VPN setup across two remote NAS devices

I am looking for some wisdom/opinions on my current setup as well as suggestions for how it can be improved.

Currently, I have two Synology NAS devices - one at my house and a second at a friend’s house. I have OpenVPN Servers running on each so my friend and I can use the OpenVPN tunnel when traveling. Each Synology is replicated to the other via an encrypted connection using DDNS. This requires ports 5566 and 5001 to be open (in addition to 4451 for the OpenVPN protocol).

Because of the non-stop pings/hack attempts that Will mentioned in his most recent video, I have implemented the Synology firewall to block all non-VPN traffic from outside the USA.

I’m looking for alternate solutions that might not require me to have the ports open. Here are some ideas I came up with:

Option 1: Set my home NAS to be the main VPN Server and then create a VPN Client connection under the Network Interface for the remote NAS to connect to the home NAS. I suspect that port 4451 still needs to be open - which might not be a problem.

  • Does this inhibit access for my friend at all to the device from his local network
  • How would he access his files remotely? Would he have to VPN to my home NAS/network?
  • When the remote device initiates the VPN connection, does it then have 2 distinct IP addresses - 192.168.1.x (local network) & 10.0.0.x (VPN network)?
  • How would I know the IP address of the remote NAS to update the Replication Task source/destination locations?
  • If the two NAS devices are connected via VPN (initiated by the client), do the 5566 & 5001 ports still need to be opened/forwarded on both routers?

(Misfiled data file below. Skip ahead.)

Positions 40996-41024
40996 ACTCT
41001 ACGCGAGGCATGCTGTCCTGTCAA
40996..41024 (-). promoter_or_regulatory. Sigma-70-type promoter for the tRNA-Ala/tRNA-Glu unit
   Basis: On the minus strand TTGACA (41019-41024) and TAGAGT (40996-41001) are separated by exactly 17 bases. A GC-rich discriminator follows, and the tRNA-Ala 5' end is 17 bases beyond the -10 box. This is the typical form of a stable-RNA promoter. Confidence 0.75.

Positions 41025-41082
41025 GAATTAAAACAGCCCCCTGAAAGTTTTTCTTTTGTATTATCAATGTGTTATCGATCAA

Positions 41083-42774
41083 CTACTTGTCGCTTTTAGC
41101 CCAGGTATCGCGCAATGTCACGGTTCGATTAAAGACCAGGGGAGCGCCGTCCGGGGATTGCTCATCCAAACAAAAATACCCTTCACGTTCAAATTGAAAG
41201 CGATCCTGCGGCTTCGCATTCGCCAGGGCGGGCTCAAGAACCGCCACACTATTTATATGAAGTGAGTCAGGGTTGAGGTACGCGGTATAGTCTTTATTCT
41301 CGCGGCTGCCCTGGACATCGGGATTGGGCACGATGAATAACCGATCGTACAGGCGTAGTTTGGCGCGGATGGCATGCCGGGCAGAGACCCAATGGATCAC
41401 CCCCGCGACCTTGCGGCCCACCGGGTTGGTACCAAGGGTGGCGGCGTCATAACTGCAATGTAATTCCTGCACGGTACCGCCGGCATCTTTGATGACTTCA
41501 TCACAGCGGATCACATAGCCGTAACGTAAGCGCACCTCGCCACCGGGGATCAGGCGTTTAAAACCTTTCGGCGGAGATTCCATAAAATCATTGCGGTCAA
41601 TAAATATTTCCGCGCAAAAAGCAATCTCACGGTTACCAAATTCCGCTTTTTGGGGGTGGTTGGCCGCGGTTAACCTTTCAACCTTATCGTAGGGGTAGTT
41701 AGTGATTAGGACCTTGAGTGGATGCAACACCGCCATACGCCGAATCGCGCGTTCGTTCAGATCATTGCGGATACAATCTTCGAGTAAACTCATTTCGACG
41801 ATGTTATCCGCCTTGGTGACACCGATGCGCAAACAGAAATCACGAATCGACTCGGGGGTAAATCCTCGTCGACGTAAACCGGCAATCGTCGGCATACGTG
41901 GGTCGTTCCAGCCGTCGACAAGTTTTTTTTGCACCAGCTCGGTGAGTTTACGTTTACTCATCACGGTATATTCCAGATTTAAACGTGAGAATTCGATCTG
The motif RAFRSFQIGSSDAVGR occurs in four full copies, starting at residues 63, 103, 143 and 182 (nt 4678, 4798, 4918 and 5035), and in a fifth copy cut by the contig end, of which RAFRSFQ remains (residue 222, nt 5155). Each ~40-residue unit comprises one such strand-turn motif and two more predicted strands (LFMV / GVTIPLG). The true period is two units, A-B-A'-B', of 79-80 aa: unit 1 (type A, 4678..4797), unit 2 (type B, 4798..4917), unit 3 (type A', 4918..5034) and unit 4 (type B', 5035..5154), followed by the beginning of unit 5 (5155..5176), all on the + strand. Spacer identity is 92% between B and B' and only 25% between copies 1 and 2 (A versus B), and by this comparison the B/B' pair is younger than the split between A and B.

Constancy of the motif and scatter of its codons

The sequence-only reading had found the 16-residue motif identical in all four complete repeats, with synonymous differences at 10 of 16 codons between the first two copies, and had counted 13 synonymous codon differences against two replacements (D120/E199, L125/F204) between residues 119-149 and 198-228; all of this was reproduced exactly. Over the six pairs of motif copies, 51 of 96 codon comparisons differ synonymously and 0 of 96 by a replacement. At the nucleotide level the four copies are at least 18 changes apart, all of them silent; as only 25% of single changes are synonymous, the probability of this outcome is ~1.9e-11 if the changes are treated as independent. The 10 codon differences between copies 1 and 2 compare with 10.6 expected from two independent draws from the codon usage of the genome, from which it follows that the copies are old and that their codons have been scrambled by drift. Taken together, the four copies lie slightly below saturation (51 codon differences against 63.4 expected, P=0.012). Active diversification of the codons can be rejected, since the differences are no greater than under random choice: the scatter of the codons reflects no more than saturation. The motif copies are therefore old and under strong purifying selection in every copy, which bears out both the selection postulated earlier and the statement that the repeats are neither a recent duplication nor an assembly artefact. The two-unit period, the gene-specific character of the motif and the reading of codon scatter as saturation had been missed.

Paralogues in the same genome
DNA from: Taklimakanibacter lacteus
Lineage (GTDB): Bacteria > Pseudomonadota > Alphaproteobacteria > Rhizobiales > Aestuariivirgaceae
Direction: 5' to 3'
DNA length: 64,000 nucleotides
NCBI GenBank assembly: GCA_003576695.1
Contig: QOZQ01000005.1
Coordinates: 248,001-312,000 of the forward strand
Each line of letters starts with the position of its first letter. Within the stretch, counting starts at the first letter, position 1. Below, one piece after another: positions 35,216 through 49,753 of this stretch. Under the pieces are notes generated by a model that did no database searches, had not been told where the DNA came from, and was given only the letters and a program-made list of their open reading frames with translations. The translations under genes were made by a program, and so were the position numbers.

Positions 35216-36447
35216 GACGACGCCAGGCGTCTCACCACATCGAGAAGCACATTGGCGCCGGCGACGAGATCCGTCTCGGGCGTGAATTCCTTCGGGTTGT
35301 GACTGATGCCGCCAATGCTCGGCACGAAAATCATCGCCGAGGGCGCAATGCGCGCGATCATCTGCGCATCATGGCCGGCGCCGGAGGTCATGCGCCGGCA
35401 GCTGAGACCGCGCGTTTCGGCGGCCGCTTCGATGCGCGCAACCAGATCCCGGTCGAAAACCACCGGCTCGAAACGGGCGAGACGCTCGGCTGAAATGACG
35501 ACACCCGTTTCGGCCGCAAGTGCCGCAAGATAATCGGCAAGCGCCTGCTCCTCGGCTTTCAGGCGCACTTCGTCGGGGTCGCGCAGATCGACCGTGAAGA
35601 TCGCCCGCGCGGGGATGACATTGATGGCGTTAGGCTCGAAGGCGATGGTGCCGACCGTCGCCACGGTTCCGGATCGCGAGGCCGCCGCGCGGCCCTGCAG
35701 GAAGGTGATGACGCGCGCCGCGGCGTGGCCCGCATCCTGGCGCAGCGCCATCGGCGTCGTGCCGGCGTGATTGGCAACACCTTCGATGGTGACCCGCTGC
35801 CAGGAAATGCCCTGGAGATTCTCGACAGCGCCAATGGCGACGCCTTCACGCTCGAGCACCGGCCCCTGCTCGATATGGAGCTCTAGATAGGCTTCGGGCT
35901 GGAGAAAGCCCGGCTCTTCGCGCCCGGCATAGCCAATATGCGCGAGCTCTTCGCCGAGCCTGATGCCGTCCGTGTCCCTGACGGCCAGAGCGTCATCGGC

Option 2: Same as option 1 but reverse the VPN server/client roles between the devices (i.e., remote NAS = VPN server, and home NAS = VPN client)

  • It’s not clear what impacts this would have to my home workflows; I am a heavy user of Photos Mobile, webDAV, and a VPN client from my cellphone/laptop; because I assume I would need to use the remote VPN Server connection because I believe when you setup a VPN network connection, you can no longer run the VPN Server application.

Option 3: My Netgear router (MR60) can also be set up as a VPN Server. It’s not clear though how the IP assignments would work and whether webDAV and Photos Mobile would function as they do currently. If I log in through the router VPN server are the IP addresses treated as if they are on their local subnets, 192.168.x.x? Similar to Option 1, if I configure the remote NAS to log onto the Netgear router via OpenVPN, it’s not clear to me how the Replication server name/IP address would need to change.

Option 4: A friend of mine recommended the GL-MT2500A Security Gateway. I’m still working my way through those instructions but if anyone has suggestions on how this could be used (I’m waiting to hear from my friend), please let me know. My suspicions are that it might be similar to #3.

Option 5: Use Tailscale. I think this was suggested in the past but I feel that it’s just beyond my realm of comprehension. The way I understand it is that each NAS would be assigned a cloud-based IP address on a VPN mesh network. The two NAS devices would talk to one another across that VPN mesh network. I could then access that same VPN mesh network from my phone (and share the account with my friend to do the same if he wants.)

  • What’s not clear with this solution is that if I’m out of the country, I can log into the VPN mesh network to access the NAS devices, am I able to send all internet traffic there as well?
  • And if so, where would it “come up” (aka where would the public IP address show)? My house, my friend’s house, somewhere else?
  • Do ports need to be opened/forwarded with Tailscale?
  • How would the Replication partner server connections need to change? Would it be the mesh network IP address?


If you watched Will’s recent video on basic security, then you should have changed your HTTPS port from 5001. This (and the default “admin” account) is a primary target used by all script kiddies.